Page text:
Social Question

josie's avatar

What is the difference between a "suspect" and a "person of interest".

Asked by josie (28422points) August 12th, 2010

Once upon a time, when the cops had a suspect in a crime, the news said that the cops had a suspect. Now, often enough, when the cops have a suspect, the news calls the suspect “a person of interest”.
Most cops I know call them suspects.
Obviously, “person of interest” sounds sort of, well, interesting, like a movie star or a professional athlete. Suspect sounds like, well, somebody suspected of committing a crime.
Which is exactly what they are!
So why the slightly Orwellian reworking of the description by the information media? Why are they trying to make me imagine that a suspect really is not a suspect?

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8 Answers

aprilsimnel's avatar

“Person of interest” is a British police term that’s been adapted in some parts of the US. “Suspect” has such a presumption of guilt that it’s no longer useful. After all, just because a person is a suspect doesn’t mean that they did it! Eventually, though, the same thing will happen to “person of interest”, too, as it gets tied to meaning “that’s the ruddy bastard we think wot did it!”, so not to worry.

Orwell never reckoned on the euphemism treadmill, did he?

marinelife's avatar

Person of interest can be less than a suspect. A person of interest can be someone who has information about the crime or who the police want to talk to.

Trillian's avatar

I’ll bet it has something to do wih legalities. You can’t call someone a suspect because they’ll sue. Also, what @aprilsimnel an @marinelife said.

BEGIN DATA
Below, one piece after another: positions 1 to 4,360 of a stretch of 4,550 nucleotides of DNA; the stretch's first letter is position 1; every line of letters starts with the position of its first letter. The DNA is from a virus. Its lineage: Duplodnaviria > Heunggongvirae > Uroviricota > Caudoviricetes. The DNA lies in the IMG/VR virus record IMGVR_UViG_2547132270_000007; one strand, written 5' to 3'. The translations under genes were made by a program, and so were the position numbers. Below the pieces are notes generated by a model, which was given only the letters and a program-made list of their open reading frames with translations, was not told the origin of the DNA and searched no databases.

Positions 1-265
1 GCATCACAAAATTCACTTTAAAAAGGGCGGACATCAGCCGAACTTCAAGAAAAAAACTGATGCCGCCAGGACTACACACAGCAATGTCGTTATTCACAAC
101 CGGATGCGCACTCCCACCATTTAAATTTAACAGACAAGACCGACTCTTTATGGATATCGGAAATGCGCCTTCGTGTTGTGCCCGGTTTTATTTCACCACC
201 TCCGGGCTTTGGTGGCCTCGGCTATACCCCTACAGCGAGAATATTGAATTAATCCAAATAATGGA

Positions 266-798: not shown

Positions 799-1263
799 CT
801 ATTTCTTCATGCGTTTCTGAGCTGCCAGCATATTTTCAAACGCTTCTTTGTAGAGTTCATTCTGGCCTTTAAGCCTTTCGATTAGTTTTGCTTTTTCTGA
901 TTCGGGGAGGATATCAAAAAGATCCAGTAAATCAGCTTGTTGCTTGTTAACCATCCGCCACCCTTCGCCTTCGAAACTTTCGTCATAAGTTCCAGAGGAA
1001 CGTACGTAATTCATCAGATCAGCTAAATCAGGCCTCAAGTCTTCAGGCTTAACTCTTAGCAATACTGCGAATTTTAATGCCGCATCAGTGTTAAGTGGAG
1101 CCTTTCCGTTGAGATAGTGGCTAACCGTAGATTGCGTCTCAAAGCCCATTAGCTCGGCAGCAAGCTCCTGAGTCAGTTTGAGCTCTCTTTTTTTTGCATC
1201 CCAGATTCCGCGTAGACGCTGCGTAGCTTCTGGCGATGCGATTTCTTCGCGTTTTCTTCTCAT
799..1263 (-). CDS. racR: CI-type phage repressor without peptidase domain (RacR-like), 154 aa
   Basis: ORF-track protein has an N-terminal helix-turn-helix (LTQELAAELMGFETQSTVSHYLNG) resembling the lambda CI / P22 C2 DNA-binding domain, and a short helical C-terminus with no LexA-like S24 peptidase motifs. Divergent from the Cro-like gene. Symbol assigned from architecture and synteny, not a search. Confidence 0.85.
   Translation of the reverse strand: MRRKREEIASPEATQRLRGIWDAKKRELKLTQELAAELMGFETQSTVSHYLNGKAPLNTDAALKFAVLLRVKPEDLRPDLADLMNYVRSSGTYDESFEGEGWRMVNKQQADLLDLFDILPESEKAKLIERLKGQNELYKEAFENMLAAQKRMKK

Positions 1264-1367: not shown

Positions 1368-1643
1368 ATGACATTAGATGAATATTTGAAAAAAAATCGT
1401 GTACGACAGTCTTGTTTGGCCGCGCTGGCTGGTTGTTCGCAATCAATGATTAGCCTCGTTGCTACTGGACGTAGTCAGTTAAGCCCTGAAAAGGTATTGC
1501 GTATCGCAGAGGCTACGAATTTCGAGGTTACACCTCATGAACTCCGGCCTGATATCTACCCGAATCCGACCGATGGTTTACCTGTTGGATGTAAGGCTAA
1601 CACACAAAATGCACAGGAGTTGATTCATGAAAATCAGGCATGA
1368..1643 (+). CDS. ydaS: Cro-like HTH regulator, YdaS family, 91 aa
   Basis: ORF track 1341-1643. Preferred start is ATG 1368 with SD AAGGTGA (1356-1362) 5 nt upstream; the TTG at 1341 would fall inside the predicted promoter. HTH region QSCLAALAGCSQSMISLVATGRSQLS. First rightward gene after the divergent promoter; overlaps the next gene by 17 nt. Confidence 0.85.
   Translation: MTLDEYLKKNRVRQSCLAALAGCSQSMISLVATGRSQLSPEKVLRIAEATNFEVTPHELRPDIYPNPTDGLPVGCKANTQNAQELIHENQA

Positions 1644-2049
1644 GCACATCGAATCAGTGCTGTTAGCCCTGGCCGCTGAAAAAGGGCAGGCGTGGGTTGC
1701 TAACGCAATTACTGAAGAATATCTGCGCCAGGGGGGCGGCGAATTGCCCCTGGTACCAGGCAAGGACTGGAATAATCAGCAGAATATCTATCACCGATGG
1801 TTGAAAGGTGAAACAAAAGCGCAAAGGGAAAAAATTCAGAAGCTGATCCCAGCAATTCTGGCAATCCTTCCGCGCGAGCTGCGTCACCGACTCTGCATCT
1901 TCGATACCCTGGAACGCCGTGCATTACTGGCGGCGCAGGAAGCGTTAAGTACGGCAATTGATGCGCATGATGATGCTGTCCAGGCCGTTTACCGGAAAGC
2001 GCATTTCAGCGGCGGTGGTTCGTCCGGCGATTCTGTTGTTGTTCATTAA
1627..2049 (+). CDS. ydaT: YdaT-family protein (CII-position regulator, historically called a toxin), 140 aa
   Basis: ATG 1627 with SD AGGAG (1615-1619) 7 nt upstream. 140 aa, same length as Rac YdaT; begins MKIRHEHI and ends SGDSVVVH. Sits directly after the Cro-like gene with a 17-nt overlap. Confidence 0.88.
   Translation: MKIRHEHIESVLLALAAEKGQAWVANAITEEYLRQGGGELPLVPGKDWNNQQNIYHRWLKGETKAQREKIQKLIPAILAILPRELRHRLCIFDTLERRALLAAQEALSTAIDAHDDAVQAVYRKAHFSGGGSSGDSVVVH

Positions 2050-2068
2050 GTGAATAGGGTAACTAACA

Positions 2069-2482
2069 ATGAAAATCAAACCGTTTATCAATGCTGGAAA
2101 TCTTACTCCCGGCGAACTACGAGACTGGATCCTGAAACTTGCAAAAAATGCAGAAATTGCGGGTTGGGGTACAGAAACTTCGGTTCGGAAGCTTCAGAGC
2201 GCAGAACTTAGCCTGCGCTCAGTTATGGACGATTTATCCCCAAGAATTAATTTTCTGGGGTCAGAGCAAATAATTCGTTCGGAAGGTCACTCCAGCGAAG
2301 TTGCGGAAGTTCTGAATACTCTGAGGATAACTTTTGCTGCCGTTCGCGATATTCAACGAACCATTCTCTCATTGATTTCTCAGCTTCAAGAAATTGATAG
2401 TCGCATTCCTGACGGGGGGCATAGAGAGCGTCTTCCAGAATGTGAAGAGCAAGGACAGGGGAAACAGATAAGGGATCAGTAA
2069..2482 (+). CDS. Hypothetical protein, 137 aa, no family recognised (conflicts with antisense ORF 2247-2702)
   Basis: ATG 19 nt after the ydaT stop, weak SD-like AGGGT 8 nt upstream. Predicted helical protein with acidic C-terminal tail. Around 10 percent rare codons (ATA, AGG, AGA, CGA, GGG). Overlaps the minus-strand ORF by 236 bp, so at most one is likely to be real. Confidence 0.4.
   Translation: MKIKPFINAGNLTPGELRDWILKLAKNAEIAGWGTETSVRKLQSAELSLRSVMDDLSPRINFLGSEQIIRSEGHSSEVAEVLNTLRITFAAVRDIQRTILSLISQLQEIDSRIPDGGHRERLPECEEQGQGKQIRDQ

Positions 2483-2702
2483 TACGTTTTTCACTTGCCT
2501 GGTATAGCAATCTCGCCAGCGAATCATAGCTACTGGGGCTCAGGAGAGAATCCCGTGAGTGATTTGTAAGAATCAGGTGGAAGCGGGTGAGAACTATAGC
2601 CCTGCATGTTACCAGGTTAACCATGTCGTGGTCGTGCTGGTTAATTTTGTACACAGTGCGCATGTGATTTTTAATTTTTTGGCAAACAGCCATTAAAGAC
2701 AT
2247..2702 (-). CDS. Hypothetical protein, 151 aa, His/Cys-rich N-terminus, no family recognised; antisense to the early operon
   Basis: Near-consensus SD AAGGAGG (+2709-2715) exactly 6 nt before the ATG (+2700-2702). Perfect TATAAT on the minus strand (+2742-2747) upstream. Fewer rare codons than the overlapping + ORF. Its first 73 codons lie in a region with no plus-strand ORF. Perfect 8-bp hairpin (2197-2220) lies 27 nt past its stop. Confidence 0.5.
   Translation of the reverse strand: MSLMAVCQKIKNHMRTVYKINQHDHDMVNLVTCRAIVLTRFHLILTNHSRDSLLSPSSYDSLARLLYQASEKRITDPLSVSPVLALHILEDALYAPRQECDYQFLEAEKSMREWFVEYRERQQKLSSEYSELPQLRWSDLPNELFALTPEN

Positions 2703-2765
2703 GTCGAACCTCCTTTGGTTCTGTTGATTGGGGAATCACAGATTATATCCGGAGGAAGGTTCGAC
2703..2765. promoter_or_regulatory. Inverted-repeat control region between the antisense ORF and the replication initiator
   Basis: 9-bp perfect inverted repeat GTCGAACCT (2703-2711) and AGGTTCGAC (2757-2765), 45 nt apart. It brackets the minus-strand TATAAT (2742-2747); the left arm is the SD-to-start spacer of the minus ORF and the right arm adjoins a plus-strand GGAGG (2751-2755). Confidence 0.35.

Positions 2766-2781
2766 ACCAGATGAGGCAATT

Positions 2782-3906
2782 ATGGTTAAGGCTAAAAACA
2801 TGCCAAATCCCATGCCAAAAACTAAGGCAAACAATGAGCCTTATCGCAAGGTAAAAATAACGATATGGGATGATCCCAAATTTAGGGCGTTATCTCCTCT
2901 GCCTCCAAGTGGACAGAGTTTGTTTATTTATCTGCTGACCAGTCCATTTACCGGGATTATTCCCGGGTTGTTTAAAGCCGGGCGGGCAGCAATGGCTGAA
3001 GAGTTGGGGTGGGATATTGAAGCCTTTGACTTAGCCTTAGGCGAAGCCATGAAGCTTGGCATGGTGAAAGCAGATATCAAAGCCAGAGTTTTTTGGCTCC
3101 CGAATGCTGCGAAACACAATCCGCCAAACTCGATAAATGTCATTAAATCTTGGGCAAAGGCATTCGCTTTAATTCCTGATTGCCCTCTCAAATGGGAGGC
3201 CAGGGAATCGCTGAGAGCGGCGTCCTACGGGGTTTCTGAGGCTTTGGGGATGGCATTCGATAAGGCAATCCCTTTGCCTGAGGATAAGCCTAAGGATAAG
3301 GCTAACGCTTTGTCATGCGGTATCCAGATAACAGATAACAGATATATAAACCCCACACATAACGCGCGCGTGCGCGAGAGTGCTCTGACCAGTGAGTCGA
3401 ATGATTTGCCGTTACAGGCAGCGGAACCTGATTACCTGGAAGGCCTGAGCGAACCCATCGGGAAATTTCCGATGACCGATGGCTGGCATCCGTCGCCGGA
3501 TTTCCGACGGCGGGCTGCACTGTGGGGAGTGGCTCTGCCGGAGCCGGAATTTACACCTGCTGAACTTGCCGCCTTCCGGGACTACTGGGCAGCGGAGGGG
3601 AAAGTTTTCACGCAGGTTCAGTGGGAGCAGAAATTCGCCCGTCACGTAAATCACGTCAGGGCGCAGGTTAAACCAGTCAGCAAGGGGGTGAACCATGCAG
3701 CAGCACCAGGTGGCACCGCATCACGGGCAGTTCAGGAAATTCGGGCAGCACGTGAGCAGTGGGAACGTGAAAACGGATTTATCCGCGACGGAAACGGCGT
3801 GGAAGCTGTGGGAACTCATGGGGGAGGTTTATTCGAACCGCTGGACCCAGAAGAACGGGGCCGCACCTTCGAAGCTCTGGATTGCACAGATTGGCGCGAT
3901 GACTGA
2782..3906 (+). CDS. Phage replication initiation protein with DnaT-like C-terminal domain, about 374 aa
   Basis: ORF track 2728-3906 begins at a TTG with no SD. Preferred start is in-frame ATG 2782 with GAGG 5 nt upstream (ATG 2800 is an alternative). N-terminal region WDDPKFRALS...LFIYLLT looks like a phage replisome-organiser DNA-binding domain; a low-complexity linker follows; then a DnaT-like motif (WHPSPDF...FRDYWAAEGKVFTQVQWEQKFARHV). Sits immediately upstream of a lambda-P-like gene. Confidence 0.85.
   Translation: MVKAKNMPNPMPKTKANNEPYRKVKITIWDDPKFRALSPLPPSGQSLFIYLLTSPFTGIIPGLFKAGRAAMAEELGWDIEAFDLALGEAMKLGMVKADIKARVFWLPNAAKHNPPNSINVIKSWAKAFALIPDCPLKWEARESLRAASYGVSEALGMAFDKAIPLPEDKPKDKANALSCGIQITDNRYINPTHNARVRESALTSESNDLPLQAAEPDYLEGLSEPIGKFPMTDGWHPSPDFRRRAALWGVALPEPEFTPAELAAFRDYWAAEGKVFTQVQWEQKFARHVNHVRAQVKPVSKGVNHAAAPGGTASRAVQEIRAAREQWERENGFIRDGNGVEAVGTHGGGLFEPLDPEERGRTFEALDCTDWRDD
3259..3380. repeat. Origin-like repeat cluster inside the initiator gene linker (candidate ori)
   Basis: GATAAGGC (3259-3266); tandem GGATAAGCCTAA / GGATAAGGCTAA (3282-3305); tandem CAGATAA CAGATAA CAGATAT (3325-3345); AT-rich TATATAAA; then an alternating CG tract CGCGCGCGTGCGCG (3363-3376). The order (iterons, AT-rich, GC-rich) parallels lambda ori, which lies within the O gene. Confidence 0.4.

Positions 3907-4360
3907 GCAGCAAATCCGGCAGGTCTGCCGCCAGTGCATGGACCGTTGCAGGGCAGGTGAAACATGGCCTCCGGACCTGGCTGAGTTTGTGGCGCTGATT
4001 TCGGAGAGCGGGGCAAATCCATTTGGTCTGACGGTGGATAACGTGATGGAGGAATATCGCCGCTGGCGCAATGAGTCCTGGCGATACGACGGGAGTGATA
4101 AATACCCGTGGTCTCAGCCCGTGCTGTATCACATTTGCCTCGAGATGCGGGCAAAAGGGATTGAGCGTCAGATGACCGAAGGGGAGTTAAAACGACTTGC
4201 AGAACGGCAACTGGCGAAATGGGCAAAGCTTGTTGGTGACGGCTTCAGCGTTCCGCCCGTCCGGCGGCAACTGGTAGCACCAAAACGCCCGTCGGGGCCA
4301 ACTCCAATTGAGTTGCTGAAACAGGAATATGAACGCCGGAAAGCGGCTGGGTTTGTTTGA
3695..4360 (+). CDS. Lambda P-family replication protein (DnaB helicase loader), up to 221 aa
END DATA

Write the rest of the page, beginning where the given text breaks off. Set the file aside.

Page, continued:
wilhel1812's avatar

If you are a suspect, someone suspects you for being involved in the crime. If you are a person of interest you might have seen something, know someone that’s involved or generally just have information related to the crime.

Obviously a suspect is a person of interest, but a person of interest can be a lot of things

tedd's avatar

Being a “suspect” has developed a stigma, and people are often ostracized for being a suspect in a crime (even if it turns out they are completely innocent). The “person of interest” term came into play imo to avoid that stigma… but they are still that usually, suspects. (though the term is often used to describe witnesses or people with information who police do not suspect as the criminal at all)

perspicacious's avatar

Nothing. They are one and the same.

DominicX's avatar

“Suspect” is a stronger term; it refers to someone the police suspect of having committed the crime. A “person of interest” is just someone who sparks their interest for any kind of reason. They might have behaved strangely, they might have seen something, they might have information, etc. A “person of interest” can become a suspect after further investigation, of course.

aprilsimnel's avatar

Of course!

The thing to watch out for is the usage in media. Some Nancy Grace-type will say “a person of interest” while raising an eyebrow editorially at the camera, and there goes another useful phrase shot to hell.

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